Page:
Here is the evidence our pilot program at University High School works!
A few highlights: Participants reported decrease in emotional eating, Participants stopped constantly dieting and counting calories entirely, Students reported they no longer disliked their body, Participants reported significant decrease in thinking being thin would make their life better, Participants reported decrease in comparing their body to other people’s bodies and Participants reported less instances of thinking they were stupid of inferior.
For more details read below:
General characteristics of the group:
-20 week program offered to both male and female high school students in the Los Angeles area to promote a healthy body image, self esteem and healthy living habits. The goal of the program is to prevent eating disorders while emphasizing health at every size.
-Pre test survey completed by 18 participants. Pre test surveys gauged participant’s knowledge in nutrition and reported exercise. Results indicated that 94% (N=17) of respondents felt it was important to eat breakfast and reported knowing which foods were needed to grow healthy. However, only 56% (N=10) reported eating breakfast everyday to almost everyday.
-While 100% (N=18) agree that dieting can be harmful, 61% (N=11) report past dieting; 41% (N=8) have been told that they needed to lose weight; and 33% (N=6) report that dieting is the best way to lose weight
-100% (N=18) of respondents agreed that exercise was important, however, only 72% (N=13) exercise at least 3 times a week. *
Reported self image (demographic):
-28% (N=5) report avoiding physical activity, including sports, because they did not want to be seen in gym clothes. 33% report having “worried or obsessed” about being either too thin or overweight, while 38% have tried to gain or lose weight. Comparatively, 50% of those who attended all six sessions of the program reported having “worried or obsessed” about their weight, while 42% had tried to lose or gain weight. 50% (N=8) respondents have felt pressure to look a certain way or be a certain size. For those who attended all sessions, 100% (N=6) reported feeling pressure to look a certain way or size. 56% (N=9) report having been teased because of the way that they look. Only 50% (N=3) who completed all six sessions reported having been teased due to their appearance.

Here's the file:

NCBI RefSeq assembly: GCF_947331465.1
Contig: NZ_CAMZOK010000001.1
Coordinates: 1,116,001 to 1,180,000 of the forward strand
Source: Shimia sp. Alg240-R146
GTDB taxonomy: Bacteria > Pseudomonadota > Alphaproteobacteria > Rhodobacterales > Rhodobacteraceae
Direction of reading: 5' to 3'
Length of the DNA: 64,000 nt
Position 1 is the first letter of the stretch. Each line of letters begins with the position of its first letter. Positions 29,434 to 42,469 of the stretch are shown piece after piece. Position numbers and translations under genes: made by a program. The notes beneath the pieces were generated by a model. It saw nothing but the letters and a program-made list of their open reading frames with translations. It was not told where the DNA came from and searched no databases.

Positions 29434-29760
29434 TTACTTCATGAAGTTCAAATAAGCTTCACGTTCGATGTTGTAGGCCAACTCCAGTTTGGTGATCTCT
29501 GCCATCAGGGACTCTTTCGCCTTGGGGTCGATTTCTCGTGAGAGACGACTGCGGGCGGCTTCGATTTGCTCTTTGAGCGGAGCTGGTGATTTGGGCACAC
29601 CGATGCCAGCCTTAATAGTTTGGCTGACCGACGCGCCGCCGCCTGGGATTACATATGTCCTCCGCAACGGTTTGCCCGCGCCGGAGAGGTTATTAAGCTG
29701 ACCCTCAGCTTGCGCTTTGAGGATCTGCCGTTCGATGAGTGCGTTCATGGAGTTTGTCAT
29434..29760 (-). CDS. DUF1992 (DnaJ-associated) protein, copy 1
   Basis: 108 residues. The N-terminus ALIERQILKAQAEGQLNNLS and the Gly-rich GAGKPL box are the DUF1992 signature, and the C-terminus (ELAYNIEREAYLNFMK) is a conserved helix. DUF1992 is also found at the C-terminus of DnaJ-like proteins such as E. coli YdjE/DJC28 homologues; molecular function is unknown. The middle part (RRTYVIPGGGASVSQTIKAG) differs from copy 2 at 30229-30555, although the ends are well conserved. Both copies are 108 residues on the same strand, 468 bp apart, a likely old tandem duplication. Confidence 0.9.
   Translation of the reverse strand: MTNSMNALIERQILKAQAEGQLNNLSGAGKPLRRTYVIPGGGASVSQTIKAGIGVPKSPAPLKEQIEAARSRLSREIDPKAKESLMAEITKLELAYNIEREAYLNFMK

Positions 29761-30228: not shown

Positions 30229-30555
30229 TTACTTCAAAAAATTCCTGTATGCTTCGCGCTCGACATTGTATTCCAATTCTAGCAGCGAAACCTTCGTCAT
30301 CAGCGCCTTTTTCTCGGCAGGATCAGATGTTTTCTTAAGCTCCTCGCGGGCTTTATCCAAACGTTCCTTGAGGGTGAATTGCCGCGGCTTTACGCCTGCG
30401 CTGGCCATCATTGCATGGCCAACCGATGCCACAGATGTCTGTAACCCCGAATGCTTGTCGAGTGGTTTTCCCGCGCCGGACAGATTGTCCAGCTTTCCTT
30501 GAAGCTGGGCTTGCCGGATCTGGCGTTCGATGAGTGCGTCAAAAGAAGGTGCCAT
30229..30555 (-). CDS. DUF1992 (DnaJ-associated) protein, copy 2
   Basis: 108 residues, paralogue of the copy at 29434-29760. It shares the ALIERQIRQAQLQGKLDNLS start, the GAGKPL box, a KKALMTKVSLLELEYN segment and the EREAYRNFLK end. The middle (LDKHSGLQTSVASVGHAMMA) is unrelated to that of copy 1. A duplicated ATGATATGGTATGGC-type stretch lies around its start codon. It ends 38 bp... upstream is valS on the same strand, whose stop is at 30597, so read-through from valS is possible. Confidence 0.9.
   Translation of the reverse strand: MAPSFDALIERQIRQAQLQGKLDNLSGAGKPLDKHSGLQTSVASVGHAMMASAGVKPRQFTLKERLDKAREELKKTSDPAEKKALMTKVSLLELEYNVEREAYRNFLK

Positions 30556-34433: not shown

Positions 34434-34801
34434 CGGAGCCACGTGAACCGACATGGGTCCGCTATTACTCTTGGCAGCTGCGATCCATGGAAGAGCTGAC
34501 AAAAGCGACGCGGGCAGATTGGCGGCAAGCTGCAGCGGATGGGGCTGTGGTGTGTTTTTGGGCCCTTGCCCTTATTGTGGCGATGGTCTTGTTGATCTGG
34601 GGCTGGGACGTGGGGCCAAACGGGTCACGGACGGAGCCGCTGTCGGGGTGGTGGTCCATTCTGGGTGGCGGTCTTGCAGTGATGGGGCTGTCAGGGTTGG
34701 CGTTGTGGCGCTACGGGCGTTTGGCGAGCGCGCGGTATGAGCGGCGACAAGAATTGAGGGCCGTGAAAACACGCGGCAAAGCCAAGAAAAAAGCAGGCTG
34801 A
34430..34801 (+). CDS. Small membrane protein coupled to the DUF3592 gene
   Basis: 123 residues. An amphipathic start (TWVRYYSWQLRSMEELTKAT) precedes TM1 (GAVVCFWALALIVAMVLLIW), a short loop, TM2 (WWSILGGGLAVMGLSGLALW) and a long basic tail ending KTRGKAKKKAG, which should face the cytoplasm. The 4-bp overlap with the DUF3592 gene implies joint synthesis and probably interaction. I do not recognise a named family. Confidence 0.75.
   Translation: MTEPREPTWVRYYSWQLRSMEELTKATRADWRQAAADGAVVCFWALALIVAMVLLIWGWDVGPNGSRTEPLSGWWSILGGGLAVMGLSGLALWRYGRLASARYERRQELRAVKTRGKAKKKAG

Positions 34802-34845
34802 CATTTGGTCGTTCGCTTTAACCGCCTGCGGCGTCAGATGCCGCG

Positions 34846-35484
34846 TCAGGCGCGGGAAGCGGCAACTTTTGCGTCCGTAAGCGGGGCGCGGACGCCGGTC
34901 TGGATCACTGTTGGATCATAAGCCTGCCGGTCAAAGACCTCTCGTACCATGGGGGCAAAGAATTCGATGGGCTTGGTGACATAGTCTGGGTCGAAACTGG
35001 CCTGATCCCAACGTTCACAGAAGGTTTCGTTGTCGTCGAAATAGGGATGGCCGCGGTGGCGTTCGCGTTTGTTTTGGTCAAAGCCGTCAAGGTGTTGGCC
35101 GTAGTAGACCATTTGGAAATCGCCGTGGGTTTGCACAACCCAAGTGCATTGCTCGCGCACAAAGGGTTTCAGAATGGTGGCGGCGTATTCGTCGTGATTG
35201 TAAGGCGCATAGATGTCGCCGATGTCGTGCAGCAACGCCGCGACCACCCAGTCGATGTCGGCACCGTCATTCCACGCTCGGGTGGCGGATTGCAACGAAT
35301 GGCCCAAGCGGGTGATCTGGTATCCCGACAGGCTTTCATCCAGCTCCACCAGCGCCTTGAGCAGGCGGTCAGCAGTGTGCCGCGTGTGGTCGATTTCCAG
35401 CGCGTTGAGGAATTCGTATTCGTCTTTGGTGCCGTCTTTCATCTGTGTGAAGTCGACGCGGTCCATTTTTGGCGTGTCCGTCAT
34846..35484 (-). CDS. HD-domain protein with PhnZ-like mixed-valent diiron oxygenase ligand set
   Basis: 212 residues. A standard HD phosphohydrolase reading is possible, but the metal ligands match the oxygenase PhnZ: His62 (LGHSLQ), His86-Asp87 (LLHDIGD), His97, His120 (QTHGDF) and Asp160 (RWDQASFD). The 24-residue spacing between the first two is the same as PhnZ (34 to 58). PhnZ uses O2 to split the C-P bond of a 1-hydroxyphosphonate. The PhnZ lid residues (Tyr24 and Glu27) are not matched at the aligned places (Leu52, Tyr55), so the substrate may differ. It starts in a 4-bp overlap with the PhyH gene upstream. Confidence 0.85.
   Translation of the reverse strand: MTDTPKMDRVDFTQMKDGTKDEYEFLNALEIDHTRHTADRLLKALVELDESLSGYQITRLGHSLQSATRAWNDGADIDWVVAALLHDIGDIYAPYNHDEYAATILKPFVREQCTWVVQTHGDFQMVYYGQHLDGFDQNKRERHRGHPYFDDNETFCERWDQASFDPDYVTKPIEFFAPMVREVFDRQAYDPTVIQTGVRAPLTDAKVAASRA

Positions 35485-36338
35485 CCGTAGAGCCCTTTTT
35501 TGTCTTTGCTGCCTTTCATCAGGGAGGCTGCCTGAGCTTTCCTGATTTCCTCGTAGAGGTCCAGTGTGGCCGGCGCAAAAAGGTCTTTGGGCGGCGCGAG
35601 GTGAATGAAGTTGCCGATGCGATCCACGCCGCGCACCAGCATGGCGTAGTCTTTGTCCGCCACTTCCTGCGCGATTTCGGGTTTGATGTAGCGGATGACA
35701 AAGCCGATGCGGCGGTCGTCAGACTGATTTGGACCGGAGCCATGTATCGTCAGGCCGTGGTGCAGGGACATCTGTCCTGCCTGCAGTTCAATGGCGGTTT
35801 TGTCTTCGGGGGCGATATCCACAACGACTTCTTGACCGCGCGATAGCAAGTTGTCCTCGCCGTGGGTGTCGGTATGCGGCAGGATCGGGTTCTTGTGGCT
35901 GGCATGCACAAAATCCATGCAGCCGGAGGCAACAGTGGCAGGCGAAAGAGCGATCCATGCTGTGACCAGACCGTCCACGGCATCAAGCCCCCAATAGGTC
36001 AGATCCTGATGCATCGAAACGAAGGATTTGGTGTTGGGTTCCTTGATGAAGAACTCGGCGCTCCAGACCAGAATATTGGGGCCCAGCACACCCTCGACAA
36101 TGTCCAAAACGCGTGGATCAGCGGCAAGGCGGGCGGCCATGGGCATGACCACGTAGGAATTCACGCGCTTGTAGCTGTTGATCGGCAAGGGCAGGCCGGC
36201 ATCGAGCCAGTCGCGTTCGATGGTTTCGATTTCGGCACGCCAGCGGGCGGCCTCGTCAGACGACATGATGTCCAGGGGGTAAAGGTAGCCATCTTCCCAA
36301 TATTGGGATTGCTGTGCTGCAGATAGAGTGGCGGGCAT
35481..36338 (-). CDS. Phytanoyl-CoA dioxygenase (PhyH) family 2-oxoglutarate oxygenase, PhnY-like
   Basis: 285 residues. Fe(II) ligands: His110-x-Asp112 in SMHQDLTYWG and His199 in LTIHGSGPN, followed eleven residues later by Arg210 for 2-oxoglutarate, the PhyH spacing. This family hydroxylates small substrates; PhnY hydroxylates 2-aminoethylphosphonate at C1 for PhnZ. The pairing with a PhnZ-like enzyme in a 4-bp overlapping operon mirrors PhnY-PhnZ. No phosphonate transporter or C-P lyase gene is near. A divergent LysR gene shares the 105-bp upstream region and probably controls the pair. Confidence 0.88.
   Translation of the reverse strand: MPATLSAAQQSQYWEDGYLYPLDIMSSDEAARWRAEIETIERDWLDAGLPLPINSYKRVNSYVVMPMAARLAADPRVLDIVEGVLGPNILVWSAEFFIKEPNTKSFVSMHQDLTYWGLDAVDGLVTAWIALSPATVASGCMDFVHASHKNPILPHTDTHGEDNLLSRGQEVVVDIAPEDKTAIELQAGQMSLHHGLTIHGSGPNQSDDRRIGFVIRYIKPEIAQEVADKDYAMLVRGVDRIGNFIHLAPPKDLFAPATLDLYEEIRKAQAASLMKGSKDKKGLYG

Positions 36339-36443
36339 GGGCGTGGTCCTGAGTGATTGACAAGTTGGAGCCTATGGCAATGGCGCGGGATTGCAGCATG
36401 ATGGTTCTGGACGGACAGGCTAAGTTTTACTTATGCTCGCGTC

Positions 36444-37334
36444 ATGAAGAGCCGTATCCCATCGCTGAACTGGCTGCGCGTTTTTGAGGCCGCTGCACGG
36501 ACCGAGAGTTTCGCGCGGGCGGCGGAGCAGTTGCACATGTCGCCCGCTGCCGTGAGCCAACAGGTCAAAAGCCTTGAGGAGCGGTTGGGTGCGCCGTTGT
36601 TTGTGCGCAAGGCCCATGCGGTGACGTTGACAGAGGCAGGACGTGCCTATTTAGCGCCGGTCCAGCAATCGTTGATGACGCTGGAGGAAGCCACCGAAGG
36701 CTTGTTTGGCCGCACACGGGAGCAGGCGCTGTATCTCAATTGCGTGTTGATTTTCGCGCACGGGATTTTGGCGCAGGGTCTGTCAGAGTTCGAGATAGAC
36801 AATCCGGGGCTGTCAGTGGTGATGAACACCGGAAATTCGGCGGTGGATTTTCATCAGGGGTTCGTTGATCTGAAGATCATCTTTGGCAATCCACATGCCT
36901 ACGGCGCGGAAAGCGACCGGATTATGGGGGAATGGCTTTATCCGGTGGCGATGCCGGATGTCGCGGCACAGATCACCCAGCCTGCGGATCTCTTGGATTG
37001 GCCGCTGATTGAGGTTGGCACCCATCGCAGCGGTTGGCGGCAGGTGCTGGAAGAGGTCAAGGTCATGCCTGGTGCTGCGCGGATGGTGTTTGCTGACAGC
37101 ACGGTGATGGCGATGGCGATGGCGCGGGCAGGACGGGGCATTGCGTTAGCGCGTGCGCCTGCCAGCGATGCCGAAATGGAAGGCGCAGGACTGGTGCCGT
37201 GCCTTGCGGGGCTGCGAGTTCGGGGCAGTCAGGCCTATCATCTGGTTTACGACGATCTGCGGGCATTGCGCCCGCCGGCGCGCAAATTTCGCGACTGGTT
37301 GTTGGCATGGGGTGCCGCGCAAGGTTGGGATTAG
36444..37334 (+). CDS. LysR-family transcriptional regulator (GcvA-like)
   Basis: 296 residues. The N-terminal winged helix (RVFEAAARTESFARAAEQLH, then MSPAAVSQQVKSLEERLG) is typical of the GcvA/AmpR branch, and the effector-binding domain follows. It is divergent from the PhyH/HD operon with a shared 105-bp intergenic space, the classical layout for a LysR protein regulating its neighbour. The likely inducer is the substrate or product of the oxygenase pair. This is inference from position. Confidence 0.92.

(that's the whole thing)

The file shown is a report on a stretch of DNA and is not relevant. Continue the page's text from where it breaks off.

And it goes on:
Reported behaviors pre/post program:
-59% (N=10) reported in the pre test that they eat or self-starve when feeling lonely, badly or due to emotional pressures. Post test results showed a decrease in this behavior with 38% (N=3) reporting eating or self-starving due to these factors. When comparing ONLY the six students who attended the entire program, a greater improvement in this behavior was noted. For those students, 83% reported eating or self-starving when feeling poorly vs. 50% who reported the same behavior in the post test.
-Dieting and/or counting calories and fat grams was also assessed pre and post program intervention. 29% (N=5) reported in the pre test that they are constantly dieting and/or counting calories and fat grams, while 0% reported this in the post test. 100% (N=9) of the post test respondents replied that they are not constantly on a diet and/or counting calories and fat grams. When comparing ONLY the six students who attended the entire program, 50% reported being on a constant diet and/or counting calories and fat grams. As stated in the above results, there were no respondents who reported this behavior in the post test. Overall, this may indicate a behavior change after the program was conducted.
Reported self image post program:
-Pre test results indicated that 47% (N=8) felt bad about themselves or did not like their body. Although post test results revealed that no respondents reported feeling bad about themselves or their body. When comparing ONLY the six students who attended the entire program, 67% (N=4) reported feeling this way in the pre test. As stated above, there were no respondents who reported feeling this way in the post test. This represents a significant change.
-Pre test results revealed that 47% (N=8) felt that life would be better and/or people would like them if they were thin/thinner. Post test surveys indicated an improved image with only 11% (N=1) feeling that life would be better if they were thinner. For those who attended the entire program, the results were similar with 50% (N=3) reporting life would be better and/or people would like them if they were thinner vs. 17% (N=1) in the post test.
-Another pre to post program improvement was found when asking participants if they often compared their appearance and weight to others and wished to be as “thin” as they are. Pre test results indicated 59% (N=10) compared their appearance/weight to others, while only 33% (N=3) indicated this in the post test. For those who attended the entire program (N=6), the results indicated that 83% (N=5) often compared their appearance/weight to others and wished to be as “thin.” The post test results showed an improvement with 33% (N=3) comparing their appearance to others at the end of the program .
-29% (N=5) pre test respondents reported that they thought they were “not good enough, stupid and/or worthless or that people” were always judging them in a negative way. This perception had improved 11% (N=1) in post test surveys feeling this way. When comparing the results for those who attended the entire program, the findings were unchanged from pre test to post test.
*Special thanks to Jessica Jarboe, San Jose State MPH Student for conducting analysis of our data and providing us with the data to present the evaluation for our pilot program.
**Our pilot program ran for 20 weeks and our final curriculum is now six weeks